Seasonal Allergies


For some, spring is a season to endure…

Ode to Dandelions

O dandelions!
You are so happy and unconventional.
Your ragged leaves furl out like wings;
Up pokes your sunny face and sings
Of summer and warmth.
You trick me, wicked things!
For beneath your yellow crown,
Hidden, is that dusty pollen–
The color of ripe earwax–
Which makes me mercilessly sneeze;
Till colder turns the breeze,
When your head becomes flaxen,
Full of downy fluff,
And away it flies!
I watch through puffy eyes,
As you escape in glee.

By “annwyndesfey


Sneezing, itching, headaches, leaking eyes and nose…

While there are many pharmaceutical options to simmer down those annoying symptoms, an important question to ask might be whether or not these options have ever made those symptoms disappear for good? Just like cutting off the top of the dandelion won’t get rid of the dandelion, covering up the symptoms won’t get rid of the problem. In naturopathic medicine we believe that it is important to dig down as deep as we can to the root of the issue in order to heal the whole person. Why? Because these little annoying symptoms can be signs that something more might be going on, and it is important to eliminate the chronic inflammation and immune dysregulation that could lead to larger health complications down the road.

Allergic rhinitis is known as a type 1 or immediate hypersensitivity allergic reaction. In this type of reaction, your body’s IgE antibodies that have formed against the allergen (eg. pollen) cause certain immune cells to release histamine into your body causing the various symptoms you may experience.

So how do we make this go away?

I’ll share a few ideas, but it is important to remember that every person is different and needs to be treated so. An often-used metaphor is the bucket analogy. We can think of our bodies as a bucket that can fill up with various junk from all sorts of places. While our bodies have some defences against this, if our buckets get too full it can overwhelm these defences and suddenly various health conditions start to show up. So, in a very oversimplified way, if we decrease our bucket load we can clear up some overflow issues. Here are a few ways we can help out our bodies:

  1. First, and perhaps most obviously, avoid what you are allergic to! And if you don’t know, get tested.
  2. Often, people who experience seasonal allergies also have food sensitivities. Following an elimination diet to discover hidden allergies will improve symptoms in most people
  3. Good quality probiotics have been shown to help by strengthening the immune system and increasing protection from invading allergens
  4. Specific helpful nutrients: omega 3, bioflavonoids, quercetin, bromelain, vitamin C, N-acetylcysteine, zinc…
  5. Nutrition: Juice foods that are rich in quercetin, bromelain, Vit C and bioflavonoids (citrus fruits, pineapple, apple, berries, mint, ginger, turmeric). Incorporate onions, garlic, ginger, dark leafy greens and yellow and orange veggies into your every day diet. Increase water. Avoid refined foods, dairy, sugar, wheat, red meat, alcohol, caffeine.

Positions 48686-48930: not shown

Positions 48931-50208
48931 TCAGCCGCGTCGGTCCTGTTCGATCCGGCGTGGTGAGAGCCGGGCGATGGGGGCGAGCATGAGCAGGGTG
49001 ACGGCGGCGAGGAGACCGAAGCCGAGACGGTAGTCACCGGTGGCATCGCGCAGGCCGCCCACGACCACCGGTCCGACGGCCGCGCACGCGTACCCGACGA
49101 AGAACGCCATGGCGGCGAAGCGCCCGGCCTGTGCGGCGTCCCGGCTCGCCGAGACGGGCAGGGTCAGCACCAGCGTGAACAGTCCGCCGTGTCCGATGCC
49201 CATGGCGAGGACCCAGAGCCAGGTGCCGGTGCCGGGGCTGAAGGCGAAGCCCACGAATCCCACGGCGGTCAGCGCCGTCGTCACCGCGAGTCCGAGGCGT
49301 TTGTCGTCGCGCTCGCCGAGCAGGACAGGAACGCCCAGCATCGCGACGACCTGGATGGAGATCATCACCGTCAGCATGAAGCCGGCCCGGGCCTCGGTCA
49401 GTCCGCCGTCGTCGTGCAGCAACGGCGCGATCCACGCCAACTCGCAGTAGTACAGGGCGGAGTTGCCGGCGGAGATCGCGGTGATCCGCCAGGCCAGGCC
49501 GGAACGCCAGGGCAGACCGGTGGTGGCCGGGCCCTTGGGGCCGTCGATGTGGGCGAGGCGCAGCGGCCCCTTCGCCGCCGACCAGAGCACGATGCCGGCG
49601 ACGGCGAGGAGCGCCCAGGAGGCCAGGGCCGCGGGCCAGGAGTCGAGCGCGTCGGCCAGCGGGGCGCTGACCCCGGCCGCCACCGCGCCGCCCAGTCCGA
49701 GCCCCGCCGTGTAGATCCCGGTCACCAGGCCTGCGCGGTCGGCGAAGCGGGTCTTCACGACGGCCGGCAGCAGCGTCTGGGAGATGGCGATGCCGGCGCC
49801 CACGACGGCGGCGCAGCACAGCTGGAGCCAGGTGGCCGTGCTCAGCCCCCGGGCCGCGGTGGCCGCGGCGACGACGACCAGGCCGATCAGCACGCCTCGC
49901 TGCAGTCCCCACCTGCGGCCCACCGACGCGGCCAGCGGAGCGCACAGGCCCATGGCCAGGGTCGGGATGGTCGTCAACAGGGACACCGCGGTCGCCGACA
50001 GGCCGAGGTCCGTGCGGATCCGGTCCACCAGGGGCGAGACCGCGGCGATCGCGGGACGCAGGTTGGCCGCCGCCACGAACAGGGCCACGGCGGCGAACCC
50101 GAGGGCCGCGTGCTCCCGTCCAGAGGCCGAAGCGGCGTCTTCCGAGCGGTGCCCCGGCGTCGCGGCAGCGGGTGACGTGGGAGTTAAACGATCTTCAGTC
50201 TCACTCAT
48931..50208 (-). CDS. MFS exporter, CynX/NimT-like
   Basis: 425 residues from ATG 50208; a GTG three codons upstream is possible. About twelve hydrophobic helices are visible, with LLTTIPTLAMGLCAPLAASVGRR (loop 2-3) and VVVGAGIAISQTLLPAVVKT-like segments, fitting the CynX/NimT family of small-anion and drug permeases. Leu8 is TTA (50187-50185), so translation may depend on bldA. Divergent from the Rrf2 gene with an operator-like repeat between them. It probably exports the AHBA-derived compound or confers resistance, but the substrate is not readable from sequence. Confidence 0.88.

6. Specific herbs: urtica dioca (nettle), petasites hybridus (butterbur -caution to use pyrrolizidine alkaloid free extract and don’t use if allergic to ragweed family), euphrasia officinalis (eyebright), silybum marianum (milk thistle), sambucus nigra (elderflower), achilliea millefolium (yarrow)…. These can be taken as teas or tinctures. Nettle tea is easy to find in stores – add some raw grated ginger, lemon and honey and you’re set!
  7. Hydrotherapy: cold cloth on the forehead, hot foot bath, nasal lavage, constitutional hydrotherapy
  8. Other things your ND may be able to offer you: acupuncture, sublingual immunotherapy, homeopathics, a spring detox

Every individual is different in their health history and lifestyle and for this reason it is so important to see your doctor so that they can implement a plan that will work specifically for you. Remember that certain health conditions and medication lists require special attention, so for your safety it is best not to treat yourself!

In the meantime, I hope these ideas will inspire you and give you hope to know that perhaps one day you will be singing a happier tune when the flowers start to bloom.

Ode to a Worm

Oh worm, why do you turn into the earth from me?
Tis spring oh worm!
Lift up your head, which ever end that be, and smile at the sun
Untwine your naked form and fling the dirt high in ecstasy!
Tis spring, tis spring, tis spring…





Nutritious Toddler Snack Ideas

I call my toddler my little teenager. He seems to always have his head in the refrigerator and he loves to eat! I have been working hard to give him nothing but the highest standard of healthy that I know of and now I cannot help but to get a little smile on my face when he closes the fridge door holding a cucumber saying, “peese, peese?!” 

In his first two years (he will be 2 in a couple months), I have been training his little developing taste buds to enjoy healthy food choices. [You can find some info on solid food introduction here.] I have introduced him to a wide variety of colours, textures, and tastes and have kept him away from sugar, candy, fast food, processed foods, dairy and wheat. So far he will eat just about anything I give him, which I am so grateful for, and he is growing into a strong boy with no health concerns to speak of!


“Let food be thy medicine and medicine be thy food.” Hippocrates

“The food you eat can be either the safest and most powerful form of medicine or the slowest form of poison.” Ann Wigmore

“The doctor of the future will give no medicine, but will interest his patients in the care of the human frame, in diet and in the cause and prevention of disease.” Thomas Edison

Here are a couple of great tips on how we can encourage our toddlers to eat well. And remember the “golden rule for happy meals”: you decide what food is served and when it’s served and your toddler decides whether they’ll eat and how much.

The following is a list of some of my son’s favourite snacks or lunches. I hope you will find it helpful when trying to appease your little one’s appetite!


  • Fresh fruit and veggies of all shapes, sizes, variety, and colour!
  • Fresh juice – a deliciously sneaky way to get those greens in!